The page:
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Wireless Networking Hardware

In-Home Wireless Vs. Mobile Broadband 199

Posted by Soulskill
from the ditching-another-landline dept.
mklickman writes "I've been hearing more and more about mobile broadband offered by the big wireless phone providers, and for the first time came to ask myself how it compares to using a wireless router. Since my wife and I both have laptops, and we're out a lot, would it be wise and/or worth it to do away with the standard cable-modem-plus-router setup and switch over to mobile broadband with (for example) AT&T or Sprint? I'm not really concerned about the cost of the PC cards themselves; they're not much more expensive than a decent router. Also, the cost of the wireless service per month is only (roughly) ten dollars more than my current ISP is charging me. Is it a good idea?"
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In-Home Wireless Vs. Mobile Broadband

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  • by _merlin (160982) on Friday February 22, 2008 @06:24AM (#22512910) Homepage Journal
    I have both. I have ADSL2+ at home with 802.11g wireless, and UMTS/HSDPA on the move. The ADSL2+ is faster, no question. UMTS/HSDPA is quite usable (up 2MB/s real-world speeds) and convenient because I can use it when I'm not at home.
    • by arivanov (12034) on Friday February 22, 2008 @06:53AM (#22513038) Homepage
      1. You are lucky to see speeds like that. I have the same combination and I see speeds under 128Kbit under realistic conditions in the UK. It is very rare for the speed to go above 256K. In fact the only places I have seen it higher are non-UK networks.

      2. The question of DSL vs 3G has a very simple answer. The answer is a question in itself - do you have a home server and where does your traffic come from?

      If your mail, media, etc is stored on a machine at home, 3G is shooting yourself in the foot. Your traffic ends up going all the way down to the GGSN at the mobile operator and than all the way back up to your kit at home (often through the narrow side of a cable or DSL). If all of your stuff is sitting in a colo somewhere or is on your laptop and you have good 3G coverage, than 3G can compete with DSL for the time being.

      This is a definitely "for the time being" case because as more and more devices in the home become networked a device whose traffic has to travel across half of the country to connect to the rest of the kit becomes a white elephant.
      • by cybereal (621599) on Friday February 22, 2008 @07:59AM (#22513264) Homepage
        On your point of "luck" about the GP's claim of speeds, you missed that he said HSDPA, which is sometimes called "3.5g" it's much faster than 3G, it's just similar enough tech to not warrant considering it a new generation of connectivity.

        Just wanted to clear that up for anyone following this for bandwidth curiosities.

        • Re: (Score:3, Informative)

          by arivanov (12034)
          I did not miss it. I have an HSDPA card. On Vodafone, you see the purple light (HSDPA) only once in a while. It is usually red (3G) or green (GPRS). The coverage is definitely way far from what marketing whalesong are trying to brainwash you into.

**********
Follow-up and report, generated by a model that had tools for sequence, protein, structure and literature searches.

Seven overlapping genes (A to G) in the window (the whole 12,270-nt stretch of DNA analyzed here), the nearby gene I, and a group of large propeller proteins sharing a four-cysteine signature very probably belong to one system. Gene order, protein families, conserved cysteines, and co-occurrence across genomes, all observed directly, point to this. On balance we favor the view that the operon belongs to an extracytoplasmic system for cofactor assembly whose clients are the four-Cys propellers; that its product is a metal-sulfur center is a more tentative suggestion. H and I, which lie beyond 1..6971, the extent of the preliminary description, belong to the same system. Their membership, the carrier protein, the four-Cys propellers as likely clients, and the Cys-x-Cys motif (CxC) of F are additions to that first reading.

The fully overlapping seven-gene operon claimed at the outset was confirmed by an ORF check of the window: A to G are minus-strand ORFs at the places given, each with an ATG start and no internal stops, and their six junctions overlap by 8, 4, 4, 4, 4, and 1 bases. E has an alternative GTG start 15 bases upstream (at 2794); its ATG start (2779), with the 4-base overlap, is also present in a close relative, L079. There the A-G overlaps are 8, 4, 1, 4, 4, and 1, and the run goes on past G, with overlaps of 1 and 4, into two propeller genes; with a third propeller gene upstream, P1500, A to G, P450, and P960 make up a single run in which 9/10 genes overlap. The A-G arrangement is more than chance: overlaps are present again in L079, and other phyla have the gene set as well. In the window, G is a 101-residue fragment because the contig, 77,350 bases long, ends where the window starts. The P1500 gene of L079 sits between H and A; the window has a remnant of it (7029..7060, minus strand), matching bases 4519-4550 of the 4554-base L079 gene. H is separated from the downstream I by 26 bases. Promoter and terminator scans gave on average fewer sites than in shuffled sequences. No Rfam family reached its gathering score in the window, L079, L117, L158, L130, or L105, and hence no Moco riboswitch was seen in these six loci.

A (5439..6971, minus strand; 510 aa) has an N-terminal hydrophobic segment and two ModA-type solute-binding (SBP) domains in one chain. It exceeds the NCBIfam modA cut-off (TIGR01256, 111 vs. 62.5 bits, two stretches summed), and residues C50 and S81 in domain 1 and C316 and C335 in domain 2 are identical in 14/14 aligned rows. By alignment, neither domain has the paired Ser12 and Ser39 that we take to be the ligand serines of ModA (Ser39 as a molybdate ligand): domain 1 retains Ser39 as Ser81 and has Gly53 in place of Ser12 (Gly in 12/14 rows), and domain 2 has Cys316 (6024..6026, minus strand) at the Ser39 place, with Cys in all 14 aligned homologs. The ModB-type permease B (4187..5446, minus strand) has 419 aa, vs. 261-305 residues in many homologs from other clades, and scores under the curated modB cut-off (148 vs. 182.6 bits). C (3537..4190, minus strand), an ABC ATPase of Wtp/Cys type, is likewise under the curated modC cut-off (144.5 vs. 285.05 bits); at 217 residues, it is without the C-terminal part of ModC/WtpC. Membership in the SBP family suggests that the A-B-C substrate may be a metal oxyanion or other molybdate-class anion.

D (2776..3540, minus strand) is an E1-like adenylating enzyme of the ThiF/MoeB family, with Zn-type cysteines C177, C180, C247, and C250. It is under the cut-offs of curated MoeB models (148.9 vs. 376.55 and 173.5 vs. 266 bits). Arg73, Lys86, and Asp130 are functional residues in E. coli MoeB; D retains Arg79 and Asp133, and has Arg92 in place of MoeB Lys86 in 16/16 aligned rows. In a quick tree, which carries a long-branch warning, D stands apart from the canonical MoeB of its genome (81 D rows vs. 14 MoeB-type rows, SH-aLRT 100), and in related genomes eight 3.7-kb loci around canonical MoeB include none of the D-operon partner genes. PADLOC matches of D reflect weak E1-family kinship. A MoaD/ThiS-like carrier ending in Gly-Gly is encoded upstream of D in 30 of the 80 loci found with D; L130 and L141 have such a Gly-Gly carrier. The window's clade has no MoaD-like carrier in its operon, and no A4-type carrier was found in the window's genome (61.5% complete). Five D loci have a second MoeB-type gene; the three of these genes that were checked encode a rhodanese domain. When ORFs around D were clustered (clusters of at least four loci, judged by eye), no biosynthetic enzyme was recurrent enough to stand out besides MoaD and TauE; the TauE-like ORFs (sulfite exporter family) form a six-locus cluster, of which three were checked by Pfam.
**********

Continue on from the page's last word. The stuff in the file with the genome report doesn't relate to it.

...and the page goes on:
• It still isn't that fast. You are much better off with a decent wired broadband and wireless router.
          • Re: (Score:3, Informative)

            by Tony Hoyle (11698)
            Are you in a building with double glazing? That can affect the signal a lot.. in fact in some offices you can't get a mobile signal at all due to this.

            I've not seen a non-HSPDA signal in a built up area in the UK for some time (on vodaphone as well), and have even had 3G on a remote hill in Wales. Dropping to GPRS is next to unheard of.
            • by arivanov (12034) on Friday February 22, 2008 @09:40AM (#22513776) Homepage
              I have tried and tested it all over the UK. East Anglia, Essex, Sussex, Greater London and all the way to Glasgow.

              While Pilkington-K and similar treated doubleglazed windows (not just any doubleglazed) drop the signal a bit, it is not the windows that are a problem. It is the tech in itself and the coverage. You need a non-congested Node-B to get anywhere near HSDPA speeds. As the number of clients on the Node-B grows the speed drops in x2 steps because even idle clients use parts of the code tree.

              So as the tech is becoming more and more popular the network becomes worse and worse. As a result you can probably still get HSDPA speeds out there in residential suburbia. Getting HSDPA speeds in downtown lodnon, at railway stations or any other place where there are loads of clients (even non-active ones) is practically impossible.
            • Re: (Score:3, Informative)

              by binaryspiral (784263)
              Are you in a building with double glazing?

              Indeed. I work in a metal framed two story building with reinforced concrete walls and floor to ceiling windows with
              low-e [wikipedia.org] coatings. Signal quality was zero bars before they installed wireless repeaters.